The recently announced limited waiver on Public Service Loan Forgiveness was life-changing news for many borrowers. Many people who received bad information from their loan servicers now had a path to PSLF. It was one of the most significant student loan developments in years.
Unfortuantely, many deserving borrowers may not receive the loan forgiveness that they have earned.
However, with a few tweaks to the limited waiver program, Biden could ensure that fewer borrowers get left behind.
A Note from the Sherpa: This article contains suggestions and ideas for improving the PSLF limited waiver.
For those not familiar with the program, check out this article on the many loans and repayment plans that now may qualify for Public Service Loan Forgiveness.
Add Parent PLUS Borrowers to the PSLF Limited Waiver
Parents are the most notable group left behind in the expanded Public Service Loan Forgiveness.
Getting a Parent PLUS loan to qualify for PSLF has always been possible but unnecessarily complicated. The limited waiver could have streamlined things for borrowers.
Instead, the program excluded Parent PLUS loans.
There isn’t a clear reasoning behind the exclusion. The government should make up its mind on Parent PLUS loans and PSLF. Either they qualify, or they don’t. Setting up many logistical hurdles so that most borrowers can’t qualify as a practical matter is wrong.
FFEL Joint Consolidation Loans
Though discontinued, FFEL spousal consolidation loans remain a significant issue for many student loan borrowers.
Unfortunately, the Department of Education denied many applications to consolidate FFEL joint loans into direct loans.
Admittedly, the logistics of PSLF applications for loans with two borrowers is complicated. However, the Department of Education has a policy in place for Direct Joint Consolidation Loans.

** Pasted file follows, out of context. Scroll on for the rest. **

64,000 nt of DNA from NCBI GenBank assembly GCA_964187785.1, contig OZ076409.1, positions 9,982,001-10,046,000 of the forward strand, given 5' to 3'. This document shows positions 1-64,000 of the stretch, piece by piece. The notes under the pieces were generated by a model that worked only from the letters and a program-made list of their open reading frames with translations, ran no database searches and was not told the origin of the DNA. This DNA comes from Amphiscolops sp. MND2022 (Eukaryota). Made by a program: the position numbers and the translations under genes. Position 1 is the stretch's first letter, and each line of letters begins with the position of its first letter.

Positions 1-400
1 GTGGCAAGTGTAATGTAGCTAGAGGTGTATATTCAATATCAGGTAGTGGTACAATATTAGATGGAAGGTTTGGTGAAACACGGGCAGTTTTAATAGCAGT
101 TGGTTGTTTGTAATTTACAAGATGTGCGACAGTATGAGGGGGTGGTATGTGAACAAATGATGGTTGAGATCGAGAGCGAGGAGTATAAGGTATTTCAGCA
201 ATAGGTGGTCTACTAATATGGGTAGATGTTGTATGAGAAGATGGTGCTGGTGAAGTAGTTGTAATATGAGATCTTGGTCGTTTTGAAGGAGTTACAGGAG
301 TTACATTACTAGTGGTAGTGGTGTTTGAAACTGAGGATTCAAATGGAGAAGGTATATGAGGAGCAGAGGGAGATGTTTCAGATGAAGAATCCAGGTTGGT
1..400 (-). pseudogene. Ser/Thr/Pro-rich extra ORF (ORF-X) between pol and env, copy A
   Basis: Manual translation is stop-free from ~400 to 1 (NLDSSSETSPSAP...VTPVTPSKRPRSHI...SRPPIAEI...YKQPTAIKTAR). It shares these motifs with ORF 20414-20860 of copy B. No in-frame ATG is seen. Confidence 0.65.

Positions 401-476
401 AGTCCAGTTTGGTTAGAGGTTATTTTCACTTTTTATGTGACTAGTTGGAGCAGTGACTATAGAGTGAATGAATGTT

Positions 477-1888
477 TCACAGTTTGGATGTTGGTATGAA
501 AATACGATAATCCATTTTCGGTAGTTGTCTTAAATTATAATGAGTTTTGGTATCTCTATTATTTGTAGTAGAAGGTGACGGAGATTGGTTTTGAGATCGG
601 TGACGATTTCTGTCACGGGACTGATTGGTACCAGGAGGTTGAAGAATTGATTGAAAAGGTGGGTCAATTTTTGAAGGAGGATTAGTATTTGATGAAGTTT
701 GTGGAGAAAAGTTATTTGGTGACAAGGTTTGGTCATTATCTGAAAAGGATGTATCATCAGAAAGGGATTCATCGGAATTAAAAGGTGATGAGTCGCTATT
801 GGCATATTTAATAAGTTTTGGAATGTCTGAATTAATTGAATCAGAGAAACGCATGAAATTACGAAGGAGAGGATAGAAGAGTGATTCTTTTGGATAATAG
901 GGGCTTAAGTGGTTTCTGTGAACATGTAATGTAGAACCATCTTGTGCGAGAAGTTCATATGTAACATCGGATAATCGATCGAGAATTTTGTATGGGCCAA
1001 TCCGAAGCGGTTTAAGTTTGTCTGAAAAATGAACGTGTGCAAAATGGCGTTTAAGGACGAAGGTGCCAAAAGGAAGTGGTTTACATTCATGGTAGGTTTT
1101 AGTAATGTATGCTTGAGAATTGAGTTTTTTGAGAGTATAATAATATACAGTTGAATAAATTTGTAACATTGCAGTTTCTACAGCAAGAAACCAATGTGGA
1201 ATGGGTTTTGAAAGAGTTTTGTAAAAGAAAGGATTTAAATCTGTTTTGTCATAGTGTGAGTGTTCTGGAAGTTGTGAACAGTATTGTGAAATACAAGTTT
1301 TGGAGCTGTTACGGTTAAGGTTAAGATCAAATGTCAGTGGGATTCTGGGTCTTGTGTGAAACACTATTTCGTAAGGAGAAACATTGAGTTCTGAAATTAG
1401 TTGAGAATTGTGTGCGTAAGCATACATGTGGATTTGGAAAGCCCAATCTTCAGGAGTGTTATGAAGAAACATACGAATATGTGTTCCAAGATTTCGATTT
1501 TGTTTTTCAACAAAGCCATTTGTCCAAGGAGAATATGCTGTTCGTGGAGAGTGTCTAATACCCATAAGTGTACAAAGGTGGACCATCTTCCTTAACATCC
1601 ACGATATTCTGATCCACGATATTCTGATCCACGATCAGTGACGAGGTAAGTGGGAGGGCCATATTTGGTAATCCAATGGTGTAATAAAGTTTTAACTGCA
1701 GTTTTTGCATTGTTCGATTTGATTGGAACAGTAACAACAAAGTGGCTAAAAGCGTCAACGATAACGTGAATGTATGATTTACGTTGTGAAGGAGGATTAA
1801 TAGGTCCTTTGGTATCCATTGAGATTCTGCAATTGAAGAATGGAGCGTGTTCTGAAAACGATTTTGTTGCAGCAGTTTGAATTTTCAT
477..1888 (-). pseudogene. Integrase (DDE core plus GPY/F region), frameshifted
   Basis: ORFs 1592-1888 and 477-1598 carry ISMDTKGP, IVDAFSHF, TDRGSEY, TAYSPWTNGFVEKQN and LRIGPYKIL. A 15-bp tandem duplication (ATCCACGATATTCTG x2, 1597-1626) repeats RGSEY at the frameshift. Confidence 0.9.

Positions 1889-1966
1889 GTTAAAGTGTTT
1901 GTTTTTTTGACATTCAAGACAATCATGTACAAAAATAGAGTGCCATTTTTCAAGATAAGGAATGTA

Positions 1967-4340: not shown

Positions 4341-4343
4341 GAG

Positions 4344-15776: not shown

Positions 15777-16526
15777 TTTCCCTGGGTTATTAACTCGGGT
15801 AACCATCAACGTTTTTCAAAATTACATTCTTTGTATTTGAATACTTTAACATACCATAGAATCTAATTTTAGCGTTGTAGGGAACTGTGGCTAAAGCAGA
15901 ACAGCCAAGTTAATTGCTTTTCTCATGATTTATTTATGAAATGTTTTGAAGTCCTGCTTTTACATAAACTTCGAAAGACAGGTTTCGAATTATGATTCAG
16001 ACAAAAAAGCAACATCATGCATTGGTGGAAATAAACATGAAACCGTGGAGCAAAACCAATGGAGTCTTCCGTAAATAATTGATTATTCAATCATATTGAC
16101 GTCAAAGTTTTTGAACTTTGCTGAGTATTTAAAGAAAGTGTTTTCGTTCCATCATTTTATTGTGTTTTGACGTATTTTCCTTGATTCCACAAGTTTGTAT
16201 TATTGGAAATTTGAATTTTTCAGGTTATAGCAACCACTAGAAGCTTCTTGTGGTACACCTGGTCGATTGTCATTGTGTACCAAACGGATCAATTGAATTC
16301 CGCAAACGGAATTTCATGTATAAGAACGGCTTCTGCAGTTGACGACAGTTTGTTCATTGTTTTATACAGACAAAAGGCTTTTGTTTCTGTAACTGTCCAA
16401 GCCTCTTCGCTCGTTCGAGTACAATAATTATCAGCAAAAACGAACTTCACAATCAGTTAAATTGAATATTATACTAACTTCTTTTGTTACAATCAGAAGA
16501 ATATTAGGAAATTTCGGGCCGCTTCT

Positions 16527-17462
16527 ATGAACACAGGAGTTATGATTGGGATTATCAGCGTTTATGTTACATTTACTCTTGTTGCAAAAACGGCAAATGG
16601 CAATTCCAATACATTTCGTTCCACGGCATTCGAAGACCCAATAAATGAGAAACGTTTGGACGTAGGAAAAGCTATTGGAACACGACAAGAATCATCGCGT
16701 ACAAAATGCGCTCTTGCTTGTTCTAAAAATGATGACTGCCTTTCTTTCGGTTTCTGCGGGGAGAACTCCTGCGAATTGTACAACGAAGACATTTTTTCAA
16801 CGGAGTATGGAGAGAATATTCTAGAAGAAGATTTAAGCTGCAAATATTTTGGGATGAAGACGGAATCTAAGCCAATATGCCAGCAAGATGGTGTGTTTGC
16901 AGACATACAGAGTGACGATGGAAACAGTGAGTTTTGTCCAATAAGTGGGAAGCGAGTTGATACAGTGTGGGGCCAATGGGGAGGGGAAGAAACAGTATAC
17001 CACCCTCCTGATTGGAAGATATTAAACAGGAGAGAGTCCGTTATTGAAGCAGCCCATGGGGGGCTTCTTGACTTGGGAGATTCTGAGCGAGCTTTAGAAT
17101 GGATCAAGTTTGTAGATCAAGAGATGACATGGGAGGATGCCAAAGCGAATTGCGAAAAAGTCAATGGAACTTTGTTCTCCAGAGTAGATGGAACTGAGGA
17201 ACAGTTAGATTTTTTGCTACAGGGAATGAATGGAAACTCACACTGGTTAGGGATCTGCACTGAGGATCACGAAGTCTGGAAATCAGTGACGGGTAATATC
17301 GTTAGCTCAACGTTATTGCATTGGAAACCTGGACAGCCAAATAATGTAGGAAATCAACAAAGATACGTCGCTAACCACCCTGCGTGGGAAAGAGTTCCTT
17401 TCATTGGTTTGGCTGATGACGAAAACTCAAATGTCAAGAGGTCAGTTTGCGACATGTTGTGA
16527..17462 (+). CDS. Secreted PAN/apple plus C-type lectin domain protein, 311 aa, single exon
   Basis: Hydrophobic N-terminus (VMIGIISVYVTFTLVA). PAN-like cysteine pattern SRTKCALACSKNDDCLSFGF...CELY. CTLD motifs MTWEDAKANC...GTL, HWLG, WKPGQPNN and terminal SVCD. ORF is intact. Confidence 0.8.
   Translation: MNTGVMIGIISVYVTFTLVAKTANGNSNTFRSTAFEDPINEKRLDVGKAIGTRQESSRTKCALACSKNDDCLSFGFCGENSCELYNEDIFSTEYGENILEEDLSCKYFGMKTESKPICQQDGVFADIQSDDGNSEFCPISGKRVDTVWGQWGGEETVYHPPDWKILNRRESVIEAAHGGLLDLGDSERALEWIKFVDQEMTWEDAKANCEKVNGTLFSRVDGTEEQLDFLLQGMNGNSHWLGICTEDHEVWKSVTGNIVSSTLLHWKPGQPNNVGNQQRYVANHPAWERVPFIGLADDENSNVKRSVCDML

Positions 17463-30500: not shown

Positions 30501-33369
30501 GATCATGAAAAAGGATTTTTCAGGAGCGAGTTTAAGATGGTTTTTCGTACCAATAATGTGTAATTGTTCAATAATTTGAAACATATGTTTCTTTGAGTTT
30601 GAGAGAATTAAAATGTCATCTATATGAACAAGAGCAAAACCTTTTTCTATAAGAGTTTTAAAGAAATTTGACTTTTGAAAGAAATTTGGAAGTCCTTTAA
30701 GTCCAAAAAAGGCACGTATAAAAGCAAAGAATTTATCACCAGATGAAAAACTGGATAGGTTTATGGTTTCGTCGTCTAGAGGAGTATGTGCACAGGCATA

The Department of Education should give couples the same opportunities that it offers single borrowers. In this case, it means allowing them to consolidate their FFEL loans into direct loans.
Legislation to Watch: Bipartisan legislation called the Joint Consolidation Separation Act could help borrowers as well.
If you are impacted by this rule, calling your elected representatives could make a huge difference.
Temporary Government Program Sounds Like a Scam
There are a ton of student loan scams.
Scammers often tell borrowers that they must act now to take advantage of limited government programs. Creating urgency is a frequent scammer tactic.
A limited waiver with a hard deadline sounds fishy. Borrowers previously exposed to scams may dismiss the new program as yet another scam.
Sadly, the assistance is a “limited waiver” because the CARES Act authorization lasts only a year. However, further legislation could fix this problem.
The sooner the limited waiver becomes permanent law, the better.
Servicers Not Ready for Changes
Many loan servicers are not ready to answer questions about the limited waiver.
Some loan servicers are exiting in the coming months, and others cut staff during the pandemic. Worst of all, FedLoan servicing, the company responsible for administering the PSLF program, is terminating their contract.
For some borrowers, the limited waiver program requires no additional action. Others must consolidate before the October 31, 2022 deadline. Consolidation isn’t always a good idea, so careful guidance from servicers is necessary.
Unprepared servicers mean bad advice for borrowers, which is the problem that initially created the issues that necessitated the limited waiver.
To remedy this issue, all servicers need immediate training on limited waiver basics. Servicers should also have specialists on staff to handle complicated borrower questions.
A Big Step Forward
The limited waiver is a massive development for student loan borrowers.
This is a huge step forward for many of the people who received wrong information from their loan servicer.
However, more work remains. The President and Congress need to act to ensure that deserving borrowers don’t miss out on Public Service Loan Forgiveness.